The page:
Triple-combo-treated patients in both trials demonstrated significant improvements in lung function, as assessed by percent predicted forced expiratory volume in one second (ppFEV1), each study’s primary goal. ppFEV1 increased by an average of 14.3% in the 24-week trial, and by 10% in the four-week trial.

Data also showed improvements in secondary objectives, including a lower annual rate of pulmonary exacerbations, and reduced levels of chloride in patients’ sweat. The treatment was generally well tolerated.

A separate global, open-label Phase 3 trial (NCT03525574) is examining the long-term (96-week) safety and effectiveness of this oral triple combination — 200 mg of elexacaftor, 100 mg of tezacaftor, and 150 mg of ivacaftor in the morning and ivacaftor again at night — in more than 500 CF patients with one or two copies of the F508del mutation. All enrolled participants have taken part in a previous study of this combination, either in a treatment or placebo group. In the open-label trial, all participants receive the treatment. The trial is expected to finish in July 2021.


Last updated: Oct. 25, 2019

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Cystic Fibrosis News Today is strictly a news and information website about the disease. It does not provide medical advice, diagnosis or treatment. This content is not intended to be a substitute for professional medical advice, diagnosis, or treatment. Always seek the advice of your physician or other qualified health provider with any questions you may have regarding a medical condition. Never disregard professional medical advice or delay in seeking it because of something you have read on this website.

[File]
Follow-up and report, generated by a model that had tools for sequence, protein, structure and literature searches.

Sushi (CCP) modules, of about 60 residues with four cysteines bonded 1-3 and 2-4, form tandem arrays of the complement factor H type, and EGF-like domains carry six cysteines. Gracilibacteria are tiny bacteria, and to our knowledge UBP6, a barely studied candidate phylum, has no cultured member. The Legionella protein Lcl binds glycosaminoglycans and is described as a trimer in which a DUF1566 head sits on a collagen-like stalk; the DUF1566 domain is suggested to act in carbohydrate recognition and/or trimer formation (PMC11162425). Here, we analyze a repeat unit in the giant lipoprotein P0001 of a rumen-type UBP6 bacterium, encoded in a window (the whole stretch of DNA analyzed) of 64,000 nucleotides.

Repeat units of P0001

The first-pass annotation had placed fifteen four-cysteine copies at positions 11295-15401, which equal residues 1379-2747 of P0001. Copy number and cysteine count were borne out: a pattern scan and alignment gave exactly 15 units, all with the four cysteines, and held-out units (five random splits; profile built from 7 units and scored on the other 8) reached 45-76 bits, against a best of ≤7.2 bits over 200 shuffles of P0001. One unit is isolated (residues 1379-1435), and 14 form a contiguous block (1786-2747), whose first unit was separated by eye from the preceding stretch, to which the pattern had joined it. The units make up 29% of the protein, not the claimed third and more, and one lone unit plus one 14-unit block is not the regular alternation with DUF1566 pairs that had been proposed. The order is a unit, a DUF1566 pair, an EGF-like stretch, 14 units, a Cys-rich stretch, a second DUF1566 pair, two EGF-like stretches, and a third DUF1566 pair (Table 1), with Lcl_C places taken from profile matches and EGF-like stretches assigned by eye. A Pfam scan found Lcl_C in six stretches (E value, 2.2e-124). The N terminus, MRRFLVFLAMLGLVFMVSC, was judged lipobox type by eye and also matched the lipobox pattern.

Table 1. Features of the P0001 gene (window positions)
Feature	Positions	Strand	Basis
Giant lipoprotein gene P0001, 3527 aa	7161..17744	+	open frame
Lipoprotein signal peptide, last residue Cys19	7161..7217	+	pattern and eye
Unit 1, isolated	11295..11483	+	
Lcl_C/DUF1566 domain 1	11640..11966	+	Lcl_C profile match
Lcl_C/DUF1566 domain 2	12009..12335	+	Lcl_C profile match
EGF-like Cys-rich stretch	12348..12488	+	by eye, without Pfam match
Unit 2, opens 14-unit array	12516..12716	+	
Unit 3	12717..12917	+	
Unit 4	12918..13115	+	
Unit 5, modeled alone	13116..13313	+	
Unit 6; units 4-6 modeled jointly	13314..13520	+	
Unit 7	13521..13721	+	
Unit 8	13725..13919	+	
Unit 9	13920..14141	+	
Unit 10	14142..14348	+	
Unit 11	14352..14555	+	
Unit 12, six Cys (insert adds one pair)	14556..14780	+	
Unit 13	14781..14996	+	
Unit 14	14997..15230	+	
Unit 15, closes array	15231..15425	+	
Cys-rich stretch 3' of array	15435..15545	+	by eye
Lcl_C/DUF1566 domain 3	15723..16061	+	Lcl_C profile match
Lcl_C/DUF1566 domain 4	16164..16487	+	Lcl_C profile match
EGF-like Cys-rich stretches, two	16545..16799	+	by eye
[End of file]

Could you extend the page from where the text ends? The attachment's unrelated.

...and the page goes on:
Emily holds a Ph.D. in Biochemistry from the University of Iowa in 2018 and is currently a postdoctoral scholar at the University of Wisconsin-Madison. She graduated with a Masters in Chemistry from the Georgia Institute of Technology and a Bachelors in Biology and Chemistry from the University of Central Arkansas. Emily is passionate about science communication, and, in her free time, writes and illustrates children’s stories.
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Özge has a MSc. in Molecular Genetics from the University of Leicester and a PhD in Developmental Biology from Queen Mary University of London. She worked as a Post-doctoral Research Associate at the University of Leicester for six years in the field of Behavioural Neurology before moving into science communication. She worked as the Research Communication Officer at a London based charity for almost two years.
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Emily holds a Ph.D. in Biochemistry from the University of Iowa in 2018 and is currently a postdoctoral scholar at the University of Wisconsin-Madison. She graduated with a Masters in Chemistry from the Georgia Institute of Technology and a Bachelors in Biology and Chemistry from the University of Central Arkansas. Emily is passionate about science communication, and, in her free time, writes and illustrates children’s stories.